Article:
Yemen rebels, government issue contradictory claims of battlefield success

Yemeni rebels and government-controlled media issued contradictory claims of success in combat Wednesday, amid a 5-week-old army offensive that has roiled this Arabian peninsula nation.

The fighting in the northwestern province of Saada and elsewhere has created a growing humanitarian problem mostly beyond the reach of aid agencies, with about 35,000 people driven from their homes in the last month, according to the United Nations. That adds to the estimated 100,000 people who have been displaced in the combat zone in an on-and-off war that began in 2004.

The conflict has taken on sectarian and geopolitical overtones, with the Sunni Muslim government and its allies trying to portray the rebels as proxies for Iranian influence inside Yemen. The insurgents, who call themselves Houthis after the clan of their leaders, are members of the Zaidi offshoot of Shiite Islam.

This week, the Houthis claimed to have taken control of Maheed and Sheeda districts and the town of Hassamah and captured a number of Yemeni soldiers, according to a spokesman for the organization who spoke by telephone from the war zone.


Saba, the government news agency, did not mention Houthi advances and reported that the army caused the insurgents “huge losses in lives and equipment.” The news channel Al Jazeera quoted government officials as saying dozens of rebels had been killed or wounded in recent days.

The competing claims could not be readily reconciled because the fighting is being waged in remote areas.

The five-year conflict has claimed thousands of lives in Yemen, an impoverished nation of 23 million adjacent to one of the world’s key oil transport routes.

“Many people are sitting in the open, on the roads,” said Laure Chedrawi, a spokeswoman for the Office of the U.N. High Commissioner for Refugees in Sana. “They have nowhere to go. The situation is getting alarming, and there are already shortages of food and water. These people are in dire need of shelter and basic, essential items.”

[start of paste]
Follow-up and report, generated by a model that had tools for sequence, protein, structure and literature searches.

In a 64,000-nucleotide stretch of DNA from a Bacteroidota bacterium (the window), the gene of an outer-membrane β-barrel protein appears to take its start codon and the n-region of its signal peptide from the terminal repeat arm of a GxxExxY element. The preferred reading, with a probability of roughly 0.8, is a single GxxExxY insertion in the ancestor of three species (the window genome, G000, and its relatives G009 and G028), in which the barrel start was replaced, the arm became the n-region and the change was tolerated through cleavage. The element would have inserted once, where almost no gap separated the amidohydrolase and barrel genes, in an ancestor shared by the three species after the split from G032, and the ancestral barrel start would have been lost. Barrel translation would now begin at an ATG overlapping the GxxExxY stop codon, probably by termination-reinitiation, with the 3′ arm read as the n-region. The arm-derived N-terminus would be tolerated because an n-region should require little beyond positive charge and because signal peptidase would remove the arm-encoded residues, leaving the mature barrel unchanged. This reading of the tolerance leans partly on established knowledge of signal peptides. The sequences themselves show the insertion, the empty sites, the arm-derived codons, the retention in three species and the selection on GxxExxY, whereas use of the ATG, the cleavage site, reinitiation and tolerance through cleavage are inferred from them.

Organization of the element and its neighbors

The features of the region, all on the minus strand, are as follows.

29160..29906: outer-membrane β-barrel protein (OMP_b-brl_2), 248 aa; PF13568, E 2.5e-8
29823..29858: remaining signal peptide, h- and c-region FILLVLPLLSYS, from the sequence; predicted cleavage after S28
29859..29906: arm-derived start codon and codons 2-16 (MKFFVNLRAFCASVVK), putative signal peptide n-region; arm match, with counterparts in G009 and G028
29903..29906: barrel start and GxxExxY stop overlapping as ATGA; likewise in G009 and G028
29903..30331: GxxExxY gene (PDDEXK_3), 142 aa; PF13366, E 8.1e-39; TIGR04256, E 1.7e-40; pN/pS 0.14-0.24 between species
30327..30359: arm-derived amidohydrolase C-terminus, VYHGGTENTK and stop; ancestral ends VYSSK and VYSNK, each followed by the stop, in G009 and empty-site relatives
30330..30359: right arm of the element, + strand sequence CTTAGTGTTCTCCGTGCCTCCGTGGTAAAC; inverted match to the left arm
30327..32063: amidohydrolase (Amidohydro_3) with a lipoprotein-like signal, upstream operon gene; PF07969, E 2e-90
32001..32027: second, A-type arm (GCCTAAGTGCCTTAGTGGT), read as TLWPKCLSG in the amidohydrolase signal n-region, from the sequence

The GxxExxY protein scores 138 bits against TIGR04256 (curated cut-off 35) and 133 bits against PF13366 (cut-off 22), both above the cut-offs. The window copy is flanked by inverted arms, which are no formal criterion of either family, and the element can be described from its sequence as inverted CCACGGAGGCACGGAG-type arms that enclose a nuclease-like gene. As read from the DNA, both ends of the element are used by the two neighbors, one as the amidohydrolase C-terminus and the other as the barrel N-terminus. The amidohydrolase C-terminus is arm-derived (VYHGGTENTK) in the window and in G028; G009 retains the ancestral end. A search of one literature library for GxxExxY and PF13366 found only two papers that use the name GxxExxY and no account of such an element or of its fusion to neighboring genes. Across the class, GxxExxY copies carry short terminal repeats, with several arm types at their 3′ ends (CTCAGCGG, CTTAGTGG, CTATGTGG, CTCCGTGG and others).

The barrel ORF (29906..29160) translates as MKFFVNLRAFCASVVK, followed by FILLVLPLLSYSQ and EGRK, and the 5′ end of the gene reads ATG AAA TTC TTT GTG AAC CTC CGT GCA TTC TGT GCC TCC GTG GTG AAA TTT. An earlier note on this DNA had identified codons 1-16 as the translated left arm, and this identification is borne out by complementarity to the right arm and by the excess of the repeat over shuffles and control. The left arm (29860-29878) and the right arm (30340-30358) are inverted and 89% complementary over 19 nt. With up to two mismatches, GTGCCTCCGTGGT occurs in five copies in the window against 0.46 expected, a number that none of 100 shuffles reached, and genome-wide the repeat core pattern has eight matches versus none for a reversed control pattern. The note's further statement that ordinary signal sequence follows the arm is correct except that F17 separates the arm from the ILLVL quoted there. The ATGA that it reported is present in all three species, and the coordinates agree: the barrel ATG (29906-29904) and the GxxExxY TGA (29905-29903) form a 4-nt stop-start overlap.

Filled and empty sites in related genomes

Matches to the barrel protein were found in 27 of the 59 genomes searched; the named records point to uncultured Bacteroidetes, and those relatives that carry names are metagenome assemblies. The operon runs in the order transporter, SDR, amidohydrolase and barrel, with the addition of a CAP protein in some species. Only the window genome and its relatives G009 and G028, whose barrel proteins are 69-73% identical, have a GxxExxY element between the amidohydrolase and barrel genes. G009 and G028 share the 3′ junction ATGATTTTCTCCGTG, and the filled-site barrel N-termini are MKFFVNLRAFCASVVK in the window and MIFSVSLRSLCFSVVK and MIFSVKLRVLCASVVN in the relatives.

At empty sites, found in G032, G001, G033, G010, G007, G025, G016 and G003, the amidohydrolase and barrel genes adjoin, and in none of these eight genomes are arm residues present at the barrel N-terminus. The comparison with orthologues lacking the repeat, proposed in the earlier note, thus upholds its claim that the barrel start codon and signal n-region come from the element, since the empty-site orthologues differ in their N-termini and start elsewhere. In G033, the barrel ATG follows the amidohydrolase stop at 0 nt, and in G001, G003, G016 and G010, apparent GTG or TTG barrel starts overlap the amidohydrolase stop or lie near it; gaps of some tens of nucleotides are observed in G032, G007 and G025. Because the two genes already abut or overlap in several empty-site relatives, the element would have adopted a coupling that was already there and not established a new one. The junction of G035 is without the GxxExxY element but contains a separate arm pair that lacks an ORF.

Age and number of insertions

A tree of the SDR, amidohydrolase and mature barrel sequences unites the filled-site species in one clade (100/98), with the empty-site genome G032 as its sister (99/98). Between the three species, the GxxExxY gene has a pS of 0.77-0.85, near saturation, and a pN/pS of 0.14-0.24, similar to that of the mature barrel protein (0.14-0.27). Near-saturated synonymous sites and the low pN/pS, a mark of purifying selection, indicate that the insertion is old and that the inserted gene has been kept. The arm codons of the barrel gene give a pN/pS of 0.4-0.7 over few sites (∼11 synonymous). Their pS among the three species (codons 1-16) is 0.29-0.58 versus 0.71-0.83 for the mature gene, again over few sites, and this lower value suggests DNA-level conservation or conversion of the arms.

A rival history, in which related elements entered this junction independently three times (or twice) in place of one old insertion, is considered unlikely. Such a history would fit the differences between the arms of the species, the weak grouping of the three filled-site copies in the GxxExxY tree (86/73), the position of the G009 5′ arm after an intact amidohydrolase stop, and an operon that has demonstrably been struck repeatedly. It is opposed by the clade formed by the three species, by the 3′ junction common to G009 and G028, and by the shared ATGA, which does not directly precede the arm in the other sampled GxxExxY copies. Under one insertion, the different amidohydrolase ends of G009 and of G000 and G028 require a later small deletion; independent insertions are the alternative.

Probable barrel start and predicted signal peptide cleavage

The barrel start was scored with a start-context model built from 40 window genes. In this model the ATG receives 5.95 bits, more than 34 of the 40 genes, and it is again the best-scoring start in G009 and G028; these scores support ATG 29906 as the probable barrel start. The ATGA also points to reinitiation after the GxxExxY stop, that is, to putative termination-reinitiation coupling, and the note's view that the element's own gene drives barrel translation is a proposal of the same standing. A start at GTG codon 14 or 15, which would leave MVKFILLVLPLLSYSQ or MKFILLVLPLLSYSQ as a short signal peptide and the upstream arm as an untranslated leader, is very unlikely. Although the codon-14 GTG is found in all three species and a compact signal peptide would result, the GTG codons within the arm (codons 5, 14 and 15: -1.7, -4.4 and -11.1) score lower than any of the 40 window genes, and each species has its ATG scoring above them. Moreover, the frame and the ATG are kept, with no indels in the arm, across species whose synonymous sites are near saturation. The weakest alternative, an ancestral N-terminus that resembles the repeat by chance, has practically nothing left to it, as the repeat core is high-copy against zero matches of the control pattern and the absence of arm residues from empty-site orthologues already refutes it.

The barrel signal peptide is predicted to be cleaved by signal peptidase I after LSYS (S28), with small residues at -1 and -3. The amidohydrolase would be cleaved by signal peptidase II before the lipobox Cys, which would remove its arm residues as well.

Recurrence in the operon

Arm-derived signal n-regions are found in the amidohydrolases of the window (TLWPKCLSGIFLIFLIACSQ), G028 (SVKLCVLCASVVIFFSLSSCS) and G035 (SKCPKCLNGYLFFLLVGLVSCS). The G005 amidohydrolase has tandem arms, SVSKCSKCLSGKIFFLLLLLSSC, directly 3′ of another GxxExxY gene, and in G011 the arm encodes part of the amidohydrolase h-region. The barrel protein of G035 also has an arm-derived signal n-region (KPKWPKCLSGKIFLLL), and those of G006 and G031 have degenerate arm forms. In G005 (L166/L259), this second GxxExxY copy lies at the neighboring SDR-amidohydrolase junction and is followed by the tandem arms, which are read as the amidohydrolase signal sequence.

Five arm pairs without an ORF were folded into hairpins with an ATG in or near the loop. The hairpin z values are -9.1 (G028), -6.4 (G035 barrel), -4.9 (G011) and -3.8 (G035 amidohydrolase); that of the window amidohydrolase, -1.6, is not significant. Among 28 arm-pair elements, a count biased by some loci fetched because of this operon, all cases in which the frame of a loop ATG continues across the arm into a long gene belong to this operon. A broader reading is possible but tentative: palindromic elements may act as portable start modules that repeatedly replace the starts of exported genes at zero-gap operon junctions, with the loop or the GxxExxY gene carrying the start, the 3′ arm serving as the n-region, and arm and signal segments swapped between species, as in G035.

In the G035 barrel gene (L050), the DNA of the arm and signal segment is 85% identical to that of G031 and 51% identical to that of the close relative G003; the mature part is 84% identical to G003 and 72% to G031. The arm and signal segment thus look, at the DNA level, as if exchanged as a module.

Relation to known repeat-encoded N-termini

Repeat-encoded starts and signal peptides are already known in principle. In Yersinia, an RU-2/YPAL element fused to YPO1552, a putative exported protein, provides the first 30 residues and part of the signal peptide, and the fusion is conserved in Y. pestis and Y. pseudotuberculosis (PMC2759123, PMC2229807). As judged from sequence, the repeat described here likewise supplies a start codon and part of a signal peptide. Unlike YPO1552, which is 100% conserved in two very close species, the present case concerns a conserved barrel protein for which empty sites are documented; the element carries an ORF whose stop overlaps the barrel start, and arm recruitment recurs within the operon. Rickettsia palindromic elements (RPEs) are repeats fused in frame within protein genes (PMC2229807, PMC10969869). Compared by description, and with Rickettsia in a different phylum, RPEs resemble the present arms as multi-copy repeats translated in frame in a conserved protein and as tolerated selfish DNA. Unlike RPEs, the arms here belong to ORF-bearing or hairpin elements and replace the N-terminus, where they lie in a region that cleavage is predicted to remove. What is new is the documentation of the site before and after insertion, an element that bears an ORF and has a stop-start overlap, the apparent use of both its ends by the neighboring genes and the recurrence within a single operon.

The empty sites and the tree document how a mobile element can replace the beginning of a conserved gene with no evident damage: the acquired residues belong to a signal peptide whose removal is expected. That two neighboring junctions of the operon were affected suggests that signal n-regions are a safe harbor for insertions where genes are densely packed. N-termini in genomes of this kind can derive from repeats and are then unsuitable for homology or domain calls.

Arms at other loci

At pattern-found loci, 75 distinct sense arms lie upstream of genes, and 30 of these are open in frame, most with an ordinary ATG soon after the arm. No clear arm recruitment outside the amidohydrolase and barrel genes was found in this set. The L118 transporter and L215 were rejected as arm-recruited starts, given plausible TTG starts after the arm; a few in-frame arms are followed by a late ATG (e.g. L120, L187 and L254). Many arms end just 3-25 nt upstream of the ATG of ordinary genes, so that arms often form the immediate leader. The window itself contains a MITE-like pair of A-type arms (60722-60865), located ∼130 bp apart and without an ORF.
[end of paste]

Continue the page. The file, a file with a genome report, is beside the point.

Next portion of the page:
The clashes in the north have contributed to the country’s slide into instability. Yemen’s government accuses Shiite-ruled Iran of supporting the Zaidis, while neighboring Saudi Arabia supports the government of President Ali Abdullah Saleh, who is a Zaidi but has the support of key Sunni leaders in Yemen and the Middle East.

“The government is afraid that [the Houthis] will become like Hezbollah in Lebanon, because they are supported by the Shiites,” said Aref Shibani, a political scientist at Sana University. “That’s why the countries that surround Yemen are afraid. Even the countries that don’t have a good relationship with Yemen will support Saleh [against the rebels]. War works to Saleh’s advantage.”

Saleh recently said in a television interview that captured rebels had admitted receiving cash from Iran. But the Houthis dismiss such charges as propaganda aimed at shoring up international support for a war over local issues.

“The government is making it up,” said the rebel spokesman, who called The Times after an e-mail query to a Houthi website but declined to be identified. “They are using these Iranian accusations because they want money from Saudi Arabia.”


The latest round of fighting broke out Aug. 11 when the Yemeni army launched a series of massive land and air assaults against rebels in the mountainous northwestern provinces of Saada and Amran.

The rebel spokesman said the army remained in control of Saada’s capital and nearby areas, as residents and fighters flee to the mountains to escape the fighting, which has destroyed at least one town.

Aid workers and media have been mostly denied access to the area, except for rare occasions when reporters are embedded with troops. According to relief workers, the fighting is spreading southward toward Sana, the Yemeni capital, and continues to worsen and complicate humanitarian efforts.



Edwards is a special correspondent.